The National Ecological Observatory Network (NEON), run by Battelle is now almost fully operational. The NEON biorepository is housed by the Biodiversity Knowledge Integration Center (BioKIC) and the Natural History Collections of Arizona State University in Tempe, Arizona, which curate the sample collections.
All material deposited in the biorepository is discoverable via the open-access NEON Data Portal, which is now live. NEON’s tick samples are stored at the Smithsonian’s National Tick Collection, located at Georgia Southern University.
Headquartered in Columbus, Ohio, USA, since its founding in 1929, Battelle serves the national security, health, life sciences, energy and environmental industries. Battelle conducts research and development (R&D), designs and manufactures products, and delivers critical services for government and commercial customers at major technology centers and national laboratories around the world.
NEON is the first-ever continental-scale ecological observatory. Designed to collect and provide open data to the scientific community for the next 30 years, funded by the National Science Foundation.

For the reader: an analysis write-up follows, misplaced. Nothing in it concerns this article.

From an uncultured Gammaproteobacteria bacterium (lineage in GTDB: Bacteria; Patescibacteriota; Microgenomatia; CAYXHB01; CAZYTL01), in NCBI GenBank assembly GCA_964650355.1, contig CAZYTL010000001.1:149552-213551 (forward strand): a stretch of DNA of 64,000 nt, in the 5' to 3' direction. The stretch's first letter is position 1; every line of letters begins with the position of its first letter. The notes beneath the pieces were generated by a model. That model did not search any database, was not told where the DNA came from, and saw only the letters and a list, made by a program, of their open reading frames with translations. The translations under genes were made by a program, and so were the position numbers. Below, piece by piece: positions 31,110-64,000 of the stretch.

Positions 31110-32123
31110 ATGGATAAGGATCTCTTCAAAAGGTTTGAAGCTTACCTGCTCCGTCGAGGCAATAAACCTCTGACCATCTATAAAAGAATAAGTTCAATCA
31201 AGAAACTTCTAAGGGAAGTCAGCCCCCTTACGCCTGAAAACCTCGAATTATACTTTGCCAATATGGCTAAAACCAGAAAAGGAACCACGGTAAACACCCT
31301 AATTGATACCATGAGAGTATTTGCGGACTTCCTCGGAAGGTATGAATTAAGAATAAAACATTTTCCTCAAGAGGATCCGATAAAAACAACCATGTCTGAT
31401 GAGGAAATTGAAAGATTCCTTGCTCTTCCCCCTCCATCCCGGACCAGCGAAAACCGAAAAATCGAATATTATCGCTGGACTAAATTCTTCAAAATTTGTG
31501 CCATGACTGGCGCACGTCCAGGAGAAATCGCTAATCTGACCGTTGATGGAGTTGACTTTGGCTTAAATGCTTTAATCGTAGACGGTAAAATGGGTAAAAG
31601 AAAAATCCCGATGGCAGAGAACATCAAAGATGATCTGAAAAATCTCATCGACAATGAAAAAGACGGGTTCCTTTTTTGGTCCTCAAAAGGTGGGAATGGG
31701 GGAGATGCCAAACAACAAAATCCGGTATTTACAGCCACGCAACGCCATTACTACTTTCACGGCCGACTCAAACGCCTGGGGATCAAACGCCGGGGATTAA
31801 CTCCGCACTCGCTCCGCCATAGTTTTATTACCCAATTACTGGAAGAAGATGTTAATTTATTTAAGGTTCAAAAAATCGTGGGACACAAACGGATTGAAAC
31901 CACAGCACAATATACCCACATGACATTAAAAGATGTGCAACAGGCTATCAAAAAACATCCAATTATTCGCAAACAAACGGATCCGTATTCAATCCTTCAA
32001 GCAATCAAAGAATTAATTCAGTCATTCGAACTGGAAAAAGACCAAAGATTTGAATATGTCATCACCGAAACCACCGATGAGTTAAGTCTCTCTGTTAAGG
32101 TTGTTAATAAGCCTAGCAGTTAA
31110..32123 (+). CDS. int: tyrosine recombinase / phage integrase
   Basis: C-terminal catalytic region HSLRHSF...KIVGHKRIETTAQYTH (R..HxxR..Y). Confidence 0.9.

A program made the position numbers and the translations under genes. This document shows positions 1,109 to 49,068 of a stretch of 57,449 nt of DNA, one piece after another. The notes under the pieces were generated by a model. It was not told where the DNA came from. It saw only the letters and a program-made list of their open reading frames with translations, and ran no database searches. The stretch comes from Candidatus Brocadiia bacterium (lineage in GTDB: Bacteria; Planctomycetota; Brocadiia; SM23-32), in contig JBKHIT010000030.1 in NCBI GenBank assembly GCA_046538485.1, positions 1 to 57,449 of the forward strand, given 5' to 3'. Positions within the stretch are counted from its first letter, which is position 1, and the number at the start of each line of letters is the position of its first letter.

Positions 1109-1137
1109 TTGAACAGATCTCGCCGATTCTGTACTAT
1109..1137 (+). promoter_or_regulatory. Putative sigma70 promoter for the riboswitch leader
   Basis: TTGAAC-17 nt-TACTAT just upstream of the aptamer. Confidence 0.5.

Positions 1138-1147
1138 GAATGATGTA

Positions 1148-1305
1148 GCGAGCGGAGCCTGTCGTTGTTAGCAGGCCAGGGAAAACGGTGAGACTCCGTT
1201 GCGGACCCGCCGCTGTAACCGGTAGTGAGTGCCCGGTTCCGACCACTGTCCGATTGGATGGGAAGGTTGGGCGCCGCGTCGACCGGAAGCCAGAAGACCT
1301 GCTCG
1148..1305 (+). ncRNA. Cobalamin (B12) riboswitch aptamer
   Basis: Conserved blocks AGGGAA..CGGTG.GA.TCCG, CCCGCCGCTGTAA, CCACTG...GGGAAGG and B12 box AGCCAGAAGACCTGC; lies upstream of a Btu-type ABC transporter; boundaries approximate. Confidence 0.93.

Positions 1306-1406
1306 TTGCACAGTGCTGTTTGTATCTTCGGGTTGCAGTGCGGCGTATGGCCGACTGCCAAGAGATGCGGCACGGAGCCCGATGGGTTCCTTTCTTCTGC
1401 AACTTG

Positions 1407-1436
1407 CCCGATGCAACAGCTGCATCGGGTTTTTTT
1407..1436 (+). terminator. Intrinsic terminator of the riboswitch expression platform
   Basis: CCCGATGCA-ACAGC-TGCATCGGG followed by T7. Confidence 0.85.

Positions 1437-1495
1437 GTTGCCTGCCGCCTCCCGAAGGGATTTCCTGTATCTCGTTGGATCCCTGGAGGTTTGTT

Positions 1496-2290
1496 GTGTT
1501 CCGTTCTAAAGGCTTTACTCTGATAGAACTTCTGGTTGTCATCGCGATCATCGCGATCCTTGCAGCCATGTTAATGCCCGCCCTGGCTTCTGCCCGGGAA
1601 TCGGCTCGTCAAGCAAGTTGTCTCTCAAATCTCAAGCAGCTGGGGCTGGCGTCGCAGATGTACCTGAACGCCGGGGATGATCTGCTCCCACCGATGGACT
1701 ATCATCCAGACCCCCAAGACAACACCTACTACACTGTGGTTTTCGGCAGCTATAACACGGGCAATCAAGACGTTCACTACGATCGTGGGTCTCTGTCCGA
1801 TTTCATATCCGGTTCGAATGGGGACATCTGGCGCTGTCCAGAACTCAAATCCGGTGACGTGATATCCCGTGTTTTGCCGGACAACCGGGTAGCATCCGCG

The NEON Biorepository collects whole organisms, tissues, environmental samples and substrates, making them available to researchers for additional study and analysis. The repository includes both aquatic and terrestrial samples and specimens collected at 81 NEON observatory sites across the continental U.S. plus Alaska, Hawaii and Puerto Rico.
“This is a critical time for the NEON project. We are collecting data on spatial and temporal scales that are completely unprecedented, bringing ecology into the era of “big data.” In many ways, this will fundamentally change the way ecology is done and the kinds of questions the research community can explore.”
“Over the next year, I will be working with the NEON team and our user community to make the data more accessible and usable and bring our resources to a broader group of people, including teachers and students in undergraduate and K-12 classrooms. These young and aspiring scientists will be the ones to put NEON data to use over the next three decades.” – Sharon Collinge, Observatory Directory and Chief Scientist for the NEON Project at Battelle